After midterms last month, I had the opportunity to travel to Dallas, Texas, to attend the American Association of Zoo Veterinarians (AAZV) conference. The conference was held at the Embassy Suites Hotel and Convention Center in Frisco, Texas. The conference was also held concurrently with the American Association of Fish Veterinarians (AAFV), the Association of Exotic Mammal Veterinarians (AEMV), the Association of Reptile and Amphibian Veterinarians (ARAV), and the Association of Zoos and Aquariums Nutrition Scientific Advisory Group (NAG) conferences.
I arrived at the conference during the weekend to assist with the pre-conference wet labs for AAFV with Nicole Nietlisbach, a veterinary student from the University of Wisconsin School of Veterinary Medicine. The first night Nicole and I went out to dinner with AAFV members from all over the world. It was great speaking with them about the differences and similarities in veterinary medicine around the globe and it opened up our eyes to the diversity that exists in our field.
The next day, the wet labs began. The first lab that Nicole and I assisted with on Sunday was the morning lab titled “Fish Handling, Clinical Procedures, and Sedation.” Nicole and I checked in the participants and ensured that the wet lab flowed smoothly. Towards the end of the lab, we also were able to go through the necropsy of a koi and practice clinical techniques such as sedation, venipuncture, performing gill, fin, and skin scrapes, and performing a fecal collection. We then helped transition the wet lab room to set up for the next wet lab by changing out the supplies.
The afternoon wet lab was titled “Introduction to Sharks.” This lab began with a lecture on shark medicine, surgery, anatomy, and physiology. Then, the lab transitioned to the hands-on portion. The participants were given various shark cadaver species for necropsy. Nicole and I were given a dogfish shark cadaver and we performed a necropsy of the brain to show the lab participants what a shark brain looks like. It was actually really interesting to draw parallels between the brain of the shark to the brains of the dogs that we dissected as first-year students at our colleges.
After assisting with the clean-up of the lab, we then freshened up and traveled to the Dallas World Aquarium in downtown Dallas for the evening icebreaker session. The night was filled with animals, networking, and laughter. One of my favorite parts of the icebreaker was re-connecting with University of Illinois Vet Med grads that I had met as an undergraduate volunteer at the Wildlife Medical Clinic at Illinois. My peers and I also had a great time exploring the Dallas World Aquarium and seeing all of the animals on exhibit.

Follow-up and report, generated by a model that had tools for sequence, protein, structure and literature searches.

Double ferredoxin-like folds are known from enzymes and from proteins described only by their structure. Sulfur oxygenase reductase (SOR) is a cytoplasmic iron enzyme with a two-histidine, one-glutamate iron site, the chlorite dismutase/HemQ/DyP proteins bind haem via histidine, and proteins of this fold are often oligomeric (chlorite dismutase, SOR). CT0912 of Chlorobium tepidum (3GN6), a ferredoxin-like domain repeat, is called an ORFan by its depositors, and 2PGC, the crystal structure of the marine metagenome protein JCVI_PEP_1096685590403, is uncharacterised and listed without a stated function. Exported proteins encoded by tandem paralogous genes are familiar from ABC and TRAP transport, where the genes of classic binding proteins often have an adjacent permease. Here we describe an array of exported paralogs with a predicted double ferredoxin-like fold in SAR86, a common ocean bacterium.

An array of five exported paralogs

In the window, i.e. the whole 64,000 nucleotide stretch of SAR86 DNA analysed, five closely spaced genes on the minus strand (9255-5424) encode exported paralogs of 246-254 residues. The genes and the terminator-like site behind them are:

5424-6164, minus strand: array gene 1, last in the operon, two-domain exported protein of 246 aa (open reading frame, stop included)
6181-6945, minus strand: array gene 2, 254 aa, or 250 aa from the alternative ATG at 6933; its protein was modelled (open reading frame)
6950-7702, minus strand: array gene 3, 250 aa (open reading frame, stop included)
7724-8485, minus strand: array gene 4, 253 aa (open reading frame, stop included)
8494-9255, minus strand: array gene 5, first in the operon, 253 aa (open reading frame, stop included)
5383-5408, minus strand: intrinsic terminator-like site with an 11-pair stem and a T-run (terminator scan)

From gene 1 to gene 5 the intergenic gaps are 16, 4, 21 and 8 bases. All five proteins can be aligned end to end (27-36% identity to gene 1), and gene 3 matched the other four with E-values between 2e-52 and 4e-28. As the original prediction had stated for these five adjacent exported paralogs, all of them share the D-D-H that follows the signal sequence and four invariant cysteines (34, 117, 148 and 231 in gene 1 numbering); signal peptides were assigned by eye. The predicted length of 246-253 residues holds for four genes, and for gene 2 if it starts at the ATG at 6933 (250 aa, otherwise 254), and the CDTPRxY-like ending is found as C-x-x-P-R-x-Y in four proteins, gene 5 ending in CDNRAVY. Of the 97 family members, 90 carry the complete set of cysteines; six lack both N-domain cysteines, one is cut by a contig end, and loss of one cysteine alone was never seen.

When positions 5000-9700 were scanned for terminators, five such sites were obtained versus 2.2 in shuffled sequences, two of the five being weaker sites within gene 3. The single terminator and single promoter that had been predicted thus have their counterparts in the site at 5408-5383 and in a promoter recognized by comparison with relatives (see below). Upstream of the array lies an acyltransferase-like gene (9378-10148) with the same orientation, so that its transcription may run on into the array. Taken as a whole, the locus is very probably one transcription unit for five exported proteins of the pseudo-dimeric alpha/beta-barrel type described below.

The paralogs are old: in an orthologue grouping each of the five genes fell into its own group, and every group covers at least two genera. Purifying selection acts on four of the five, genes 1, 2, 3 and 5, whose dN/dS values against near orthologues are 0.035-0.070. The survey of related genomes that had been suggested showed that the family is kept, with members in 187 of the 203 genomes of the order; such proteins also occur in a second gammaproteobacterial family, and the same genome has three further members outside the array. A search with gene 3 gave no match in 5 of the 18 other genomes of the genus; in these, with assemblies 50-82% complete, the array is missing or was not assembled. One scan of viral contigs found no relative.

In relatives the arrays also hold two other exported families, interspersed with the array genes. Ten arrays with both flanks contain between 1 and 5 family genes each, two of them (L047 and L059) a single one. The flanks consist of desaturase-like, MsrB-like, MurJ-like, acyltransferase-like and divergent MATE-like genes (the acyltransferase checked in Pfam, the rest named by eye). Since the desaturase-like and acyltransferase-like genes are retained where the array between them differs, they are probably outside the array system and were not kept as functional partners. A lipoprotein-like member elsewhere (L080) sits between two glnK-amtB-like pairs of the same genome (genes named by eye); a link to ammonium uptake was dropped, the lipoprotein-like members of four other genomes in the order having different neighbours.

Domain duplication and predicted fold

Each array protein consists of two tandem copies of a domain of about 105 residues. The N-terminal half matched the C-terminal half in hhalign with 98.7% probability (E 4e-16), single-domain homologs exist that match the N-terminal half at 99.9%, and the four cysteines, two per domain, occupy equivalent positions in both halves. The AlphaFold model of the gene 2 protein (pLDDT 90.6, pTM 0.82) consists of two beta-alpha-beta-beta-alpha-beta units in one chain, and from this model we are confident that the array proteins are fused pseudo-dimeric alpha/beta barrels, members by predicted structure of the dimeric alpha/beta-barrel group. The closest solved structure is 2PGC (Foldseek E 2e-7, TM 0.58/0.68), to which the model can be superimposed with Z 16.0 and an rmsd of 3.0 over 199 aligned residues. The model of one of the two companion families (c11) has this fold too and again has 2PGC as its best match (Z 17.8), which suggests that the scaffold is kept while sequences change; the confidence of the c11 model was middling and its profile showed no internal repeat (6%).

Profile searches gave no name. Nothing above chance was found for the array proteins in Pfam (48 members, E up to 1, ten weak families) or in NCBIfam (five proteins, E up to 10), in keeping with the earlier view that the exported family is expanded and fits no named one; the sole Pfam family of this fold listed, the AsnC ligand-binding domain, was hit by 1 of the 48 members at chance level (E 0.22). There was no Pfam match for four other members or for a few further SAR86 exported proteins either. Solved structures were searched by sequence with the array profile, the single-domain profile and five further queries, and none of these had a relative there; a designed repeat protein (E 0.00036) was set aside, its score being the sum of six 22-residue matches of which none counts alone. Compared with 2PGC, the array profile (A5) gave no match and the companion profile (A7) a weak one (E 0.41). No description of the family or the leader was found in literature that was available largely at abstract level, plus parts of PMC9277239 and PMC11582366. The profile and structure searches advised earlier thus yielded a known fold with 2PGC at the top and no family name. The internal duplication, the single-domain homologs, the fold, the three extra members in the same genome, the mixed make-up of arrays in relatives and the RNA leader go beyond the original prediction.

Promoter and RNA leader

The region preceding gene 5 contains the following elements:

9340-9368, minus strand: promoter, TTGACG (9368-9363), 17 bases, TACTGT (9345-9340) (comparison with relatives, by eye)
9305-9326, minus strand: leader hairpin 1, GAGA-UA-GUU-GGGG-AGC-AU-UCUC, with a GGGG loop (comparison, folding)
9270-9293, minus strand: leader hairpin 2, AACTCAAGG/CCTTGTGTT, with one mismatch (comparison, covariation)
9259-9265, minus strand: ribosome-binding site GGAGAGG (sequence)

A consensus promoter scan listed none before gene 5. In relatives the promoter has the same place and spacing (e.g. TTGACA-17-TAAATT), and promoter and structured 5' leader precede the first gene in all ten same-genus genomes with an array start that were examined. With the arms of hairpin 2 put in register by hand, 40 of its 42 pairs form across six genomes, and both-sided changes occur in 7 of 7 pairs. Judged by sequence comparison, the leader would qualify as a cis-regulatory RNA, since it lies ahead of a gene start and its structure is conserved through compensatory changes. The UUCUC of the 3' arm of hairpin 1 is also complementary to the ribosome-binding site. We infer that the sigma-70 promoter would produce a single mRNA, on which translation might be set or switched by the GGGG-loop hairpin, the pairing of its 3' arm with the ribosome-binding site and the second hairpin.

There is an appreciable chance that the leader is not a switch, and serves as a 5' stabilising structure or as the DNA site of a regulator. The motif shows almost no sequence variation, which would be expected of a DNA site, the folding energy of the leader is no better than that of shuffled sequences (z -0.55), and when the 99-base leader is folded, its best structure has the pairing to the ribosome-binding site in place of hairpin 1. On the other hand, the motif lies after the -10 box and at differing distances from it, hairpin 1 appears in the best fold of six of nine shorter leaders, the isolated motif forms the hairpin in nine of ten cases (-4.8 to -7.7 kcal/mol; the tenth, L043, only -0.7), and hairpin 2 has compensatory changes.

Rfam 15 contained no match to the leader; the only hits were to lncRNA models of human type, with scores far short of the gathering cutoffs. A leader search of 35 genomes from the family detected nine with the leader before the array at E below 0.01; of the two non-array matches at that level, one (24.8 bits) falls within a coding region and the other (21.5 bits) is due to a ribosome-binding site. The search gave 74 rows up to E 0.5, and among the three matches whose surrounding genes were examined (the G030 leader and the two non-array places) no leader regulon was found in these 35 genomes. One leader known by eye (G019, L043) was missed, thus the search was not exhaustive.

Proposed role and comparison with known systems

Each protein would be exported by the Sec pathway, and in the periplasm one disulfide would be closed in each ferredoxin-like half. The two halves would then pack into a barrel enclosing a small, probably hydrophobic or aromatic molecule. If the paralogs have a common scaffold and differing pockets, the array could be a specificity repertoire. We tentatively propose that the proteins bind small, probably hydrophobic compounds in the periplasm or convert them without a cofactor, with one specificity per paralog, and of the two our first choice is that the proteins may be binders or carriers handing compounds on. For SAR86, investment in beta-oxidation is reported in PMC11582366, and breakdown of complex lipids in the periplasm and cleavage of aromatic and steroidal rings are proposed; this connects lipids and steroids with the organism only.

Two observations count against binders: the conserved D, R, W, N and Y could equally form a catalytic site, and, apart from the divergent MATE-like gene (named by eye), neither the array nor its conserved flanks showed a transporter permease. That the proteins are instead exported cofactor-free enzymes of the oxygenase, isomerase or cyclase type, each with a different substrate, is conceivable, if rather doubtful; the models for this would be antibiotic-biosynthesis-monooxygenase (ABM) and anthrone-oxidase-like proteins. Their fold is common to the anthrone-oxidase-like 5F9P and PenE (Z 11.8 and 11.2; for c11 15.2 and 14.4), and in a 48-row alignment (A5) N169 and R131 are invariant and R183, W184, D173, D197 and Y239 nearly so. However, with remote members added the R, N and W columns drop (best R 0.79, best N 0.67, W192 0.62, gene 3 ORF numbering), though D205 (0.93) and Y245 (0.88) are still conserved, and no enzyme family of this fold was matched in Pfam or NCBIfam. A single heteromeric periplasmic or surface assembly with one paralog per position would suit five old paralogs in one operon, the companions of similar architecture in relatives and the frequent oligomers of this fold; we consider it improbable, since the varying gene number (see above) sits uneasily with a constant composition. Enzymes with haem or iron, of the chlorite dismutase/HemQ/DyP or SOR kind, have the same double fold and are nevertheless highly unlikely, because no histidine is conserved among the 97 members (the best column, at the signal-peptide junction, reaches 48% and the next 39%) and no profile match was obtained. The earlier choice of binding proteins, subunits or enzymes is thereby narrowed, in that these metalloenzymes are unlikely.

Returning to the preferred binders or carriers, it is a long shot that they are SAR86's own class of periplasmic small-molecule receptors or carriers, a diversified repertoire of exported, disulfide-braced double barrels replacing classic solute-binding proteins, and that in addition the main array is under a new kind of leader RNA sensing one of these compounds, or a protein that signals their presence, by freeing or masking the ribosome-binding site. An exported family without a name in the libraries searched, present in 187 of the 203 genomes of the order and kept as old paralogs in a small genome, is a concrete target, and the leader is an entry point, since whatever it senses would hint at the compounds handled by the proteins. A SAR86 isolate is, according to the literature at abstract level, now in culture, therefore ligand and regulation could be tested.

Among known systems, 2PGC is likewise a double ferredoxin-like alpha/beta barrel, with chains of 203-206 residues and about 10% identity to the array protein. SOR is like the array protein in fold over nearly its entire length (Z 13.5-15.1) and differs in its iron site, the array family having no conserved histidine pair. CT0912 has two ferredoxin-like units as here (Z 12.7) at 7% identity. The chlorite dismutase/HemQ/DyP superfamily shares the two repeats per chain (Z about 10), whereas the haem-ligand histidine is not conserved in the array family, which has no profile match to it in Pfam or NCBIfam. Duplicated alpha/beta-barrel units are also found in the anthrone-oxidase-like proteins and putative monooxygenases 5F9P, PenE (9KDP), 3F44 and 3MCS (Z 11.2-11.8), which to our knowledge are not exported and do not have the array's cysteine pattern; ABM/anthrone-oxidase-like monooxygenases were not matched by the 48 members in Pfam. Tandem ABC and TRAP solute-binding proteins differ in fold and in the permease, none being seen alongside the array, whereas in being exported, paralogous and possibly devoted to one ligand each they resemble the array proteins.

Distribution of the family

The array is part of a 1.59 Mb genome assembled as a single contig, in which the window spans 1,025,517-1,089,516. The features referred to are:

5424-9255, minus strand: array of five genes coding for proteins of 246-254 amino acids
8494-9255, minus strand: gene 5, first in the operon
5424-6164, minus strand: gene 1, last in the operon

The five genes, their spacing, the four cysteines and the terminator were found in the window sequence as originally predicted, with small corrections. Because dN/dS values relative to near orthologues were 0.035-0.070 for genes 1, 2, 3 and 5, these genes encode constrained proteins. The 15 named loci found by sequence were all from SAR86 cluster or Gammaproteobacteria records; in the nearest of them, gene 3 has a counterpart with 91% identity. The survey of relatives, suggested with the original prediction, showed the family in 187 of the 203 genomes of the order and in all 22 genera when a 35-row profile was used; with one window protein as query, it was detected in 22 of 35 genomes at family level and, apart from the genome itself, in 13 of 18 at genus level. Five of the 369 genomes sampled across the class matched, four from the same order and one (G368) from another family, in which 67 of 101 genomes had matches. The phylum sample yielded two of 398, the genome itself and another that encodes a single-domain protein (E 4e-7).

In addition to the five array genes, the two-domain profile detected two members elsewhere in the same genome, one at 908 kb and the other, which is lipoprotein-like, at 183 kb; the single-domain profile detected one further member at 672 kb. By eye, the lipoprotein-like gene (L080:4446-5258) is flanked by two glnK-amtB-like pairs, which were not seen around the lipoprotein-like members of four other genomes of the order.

The next day was the New Member breakfast. I attended the breakfast with Allison Dianis, a fellow Illinois second-year student who was also attending the conference, and we learned more about what AAZV was and how to become further involved. After the breakfast, the scientific sessions began. I spent the day attending the AAFV scientific sessions, learning about novel techniques and research in the field of fish medicine.
After the scientific sessions, the other Illinois students and I attended the AAZV Student Reception. At this event, various institutions were set up at tables and students were able to go and speak with them about their various externship, internship, and residency opportunities. This night was one of my favorite nights of the conference because I was able to reconnect with professionals and students from other Colleges of Veterinary Medicine that I had met through participating in experiential learning activities in the past, and I was able to meet new professionals and students as well. I left the Student Reception feeling excited about the various opportunities in the field of zoo medicine. After the reception, Illinois students and alumni attending the conference went out to dinner. It was really fun to talk with the previous students about their career paths and how Illinois is similar and different compared to when they were students.
The last day that I attended the conference was Tuesday. I attended the scientific sessions in the morning and early afternoon, which covered primate medicine and aquatic animal medicine. Unfortunately, I had to head to the airport to go back to class in the late afternoon. However, we did take a group Illinois picture before I left. It was truly amazing how many current and past Illini were attending the conference.
Ultimately, I left my four days at the conference with a renewed passion and interest in the field of zoo medicine. Although attending my first AAZV and AAFV conferences was intimidating initially, I gained more knowledge, clinical skills, and connections from attending than I ever could have imagined. One of the biggest takeaways that I gained from this experience is that if you take the first step and put yourself out there, doors will open for you and lead to opportunity after opportunity. I look forward to attending more AAZV and AAFV conferences in the future, and I encourage my peers who have an interest in zoo or aquatic animal medicine to do the same.